Examples of circumstances in which a family member could challenge an agent’s authority under a power of attorney include if:
The first two scenarios are fairly straightforward – the principal empowered the agent to act in their best interests in certain circumstances, either broad or limited depending on the type of POA. Anything that conflicts with that grant of authority is outside the scope of the power of attorney and abuse of power of attorney.
So, for instance, if the agent is taking advantage of the principal or acting in their own interests, they would be violating their fiduciary duty. Or if an agent under a financial POA tried to make medical decisions for the principal, that would exceed the limited power they were granted.
Meanwhile, while much of the discussion around powers of attorney centers around whether or not a principal is fit to make their own decisions, it is equally important that an agent has the requisite mental capacity to fulfill their duties.
Thus, if an agent becomes incapacitated or otherwise lacks the mental capacity to make decisions for the principal, a POA could be revoked.
If any of these scenarios apply, they could be grounds to override a power of attorney.
Should family members or other interested parties decide they should act, there are certain legal steps that must be taken. The process of overriding a POA can be complex, so it can be crucial to seek legal advice from an experienced elder law attorney or estate planning attorney before taking action.
As preliminary steps, it is worth trying to speak with the principal and the agent. Remember, if the principal has the mental capacity, the easiest solution is typically to have them revoke the power of attorney document.
If the principal is unwilling or they lack the requisite mental capacity to revoke the POA, then it often makes sense to speak with the agent. And this step can be particularly worthwhile considering that conflicts over POAs often pit family members against other family members.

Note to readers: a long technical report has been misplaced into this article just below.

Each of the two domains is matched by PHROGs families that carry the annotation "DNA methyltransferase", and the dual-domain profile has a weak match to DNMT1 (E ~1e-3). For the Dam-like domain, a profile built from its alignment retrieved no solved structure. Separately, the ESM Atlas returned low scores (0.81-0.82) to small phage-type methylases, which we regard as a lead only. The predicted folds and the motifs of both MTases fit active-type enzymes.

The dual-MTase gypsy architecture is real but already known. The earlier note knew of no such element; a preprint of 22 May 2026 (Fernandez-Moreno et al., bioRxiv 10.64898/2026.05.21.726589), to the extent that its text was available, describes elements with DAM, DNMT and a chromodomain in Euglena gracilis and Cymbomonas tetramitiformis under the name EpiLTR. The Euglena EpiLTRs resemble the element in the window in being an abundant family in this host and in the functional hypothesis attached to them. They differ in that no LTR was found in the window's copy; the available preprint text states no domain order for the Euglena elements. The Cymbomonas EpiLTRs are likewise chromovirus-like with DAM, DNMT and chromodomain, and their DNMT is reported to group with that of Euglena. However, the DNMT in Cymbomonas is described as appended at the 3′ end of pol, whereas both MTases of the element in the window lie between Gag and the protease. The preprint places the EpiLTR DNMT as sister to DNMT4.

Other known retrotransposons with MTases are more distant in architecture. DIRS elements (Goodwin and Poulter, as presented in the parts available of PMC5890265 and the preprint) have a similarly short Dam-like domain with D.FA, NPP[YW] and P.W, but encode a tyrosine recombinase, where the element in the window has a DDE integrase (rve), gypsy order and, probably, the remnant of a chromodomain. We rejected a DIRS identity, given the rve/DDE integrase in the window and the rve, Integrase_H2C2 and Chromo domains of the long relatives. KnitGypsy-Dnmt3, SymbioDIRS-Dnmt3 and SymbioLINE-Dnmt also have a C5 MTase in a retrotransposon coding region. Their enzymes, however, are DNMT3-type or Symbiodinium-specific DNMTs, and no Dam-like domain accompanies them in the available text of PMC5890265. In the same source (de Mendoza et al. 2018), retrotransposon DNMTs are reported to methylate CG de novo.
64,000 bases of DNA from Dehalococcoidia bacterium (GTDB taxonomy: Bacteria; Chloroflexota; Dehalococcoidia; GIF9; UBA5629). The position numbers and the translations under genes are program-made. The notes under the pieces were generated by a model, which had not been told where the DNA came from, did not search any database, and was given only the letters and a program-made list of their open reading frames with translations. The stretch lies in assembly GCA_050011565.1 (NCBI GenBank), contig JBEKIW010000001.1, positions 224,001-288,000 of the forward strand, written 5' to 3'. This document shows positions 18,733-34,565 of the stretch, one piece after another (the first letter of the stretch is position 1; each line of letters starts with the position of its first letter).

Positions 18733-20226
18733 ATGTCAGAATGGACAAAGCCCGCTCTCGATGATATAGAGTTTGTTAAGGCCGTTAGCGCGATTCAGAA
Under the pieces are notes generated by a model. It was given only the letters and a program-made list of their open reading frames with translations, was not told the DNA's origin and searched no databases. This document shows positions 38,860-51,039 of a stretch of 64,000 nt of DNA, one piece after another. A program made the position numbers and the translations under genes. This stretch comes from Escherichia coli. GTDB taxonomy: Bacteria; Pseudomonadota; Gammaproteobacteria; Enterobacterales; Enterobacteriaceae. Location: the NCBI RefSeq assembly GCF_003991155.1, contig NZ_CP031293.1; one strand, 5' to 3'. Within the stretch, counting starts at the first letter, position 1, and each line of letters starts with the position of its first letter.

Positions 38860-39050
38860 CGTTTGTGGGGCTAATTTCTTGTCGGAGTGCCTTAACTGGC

If the agent agrees to step down, an alternate agent could step in as the attorney-in-fact, assuming that the principal named an alternate agent in their POA document.
If the agent refuses, though, the next step is to file a petition with the court. The petition must outline the reasons why the POA needs to be overridden and should provide evidence to support the request.
Keep in mind that a court will not override power of attorney lightly, though, given that the principal selected the appointed agent and chose to empower them to act in their best interests.
Additionally, if the court decides to revoke power of attorney and there is an alternate agent named in the POA document, the court could transfer power to that chosen agent. But note that a court could revoke a power of attorney and transfer guardianship to someone else, depending on the circumstances.
Again, the process of challenging a POA is complicated, and it often makes sense to seek legal advice from an experienced lawyer if you intend to challenge a POA in court.
Two other types of person worth noting: guardians and executors.
There are some key differences between guardianship and power of attorney, but for these purposes, suffice it to say that guardianship often does override the authority granted in power of attorney documents.
Meanwhile, an executor is a person named in a decedent’s will who is responsible for overseeing the probate process once that person passes. The key point here is that a POA is no longer valid after the principal's death, and instead of an agent acting on the principal’s behalf, things shift to the executor acting on behalf of the decedent’s estate.
So, who can override a power of attorney? Let's recap the main takeaways.
A principal can always revoke an agent's authority, assuming they are of sound mind. If they are not, however, they cannot override a POA, just as they would not be able to create a new POA document.
A family member, or any interested party, can also seek to override power of attorney. But they must have a sufficient basis to do so and cannot challenge an agent's authority simply because they would have made different decisions on the principal's behalf.
It often makes sense to speak with the principal and the agent before taking legal action, but if the agent refuses to relinquish their authority, the POA must be challenged in court.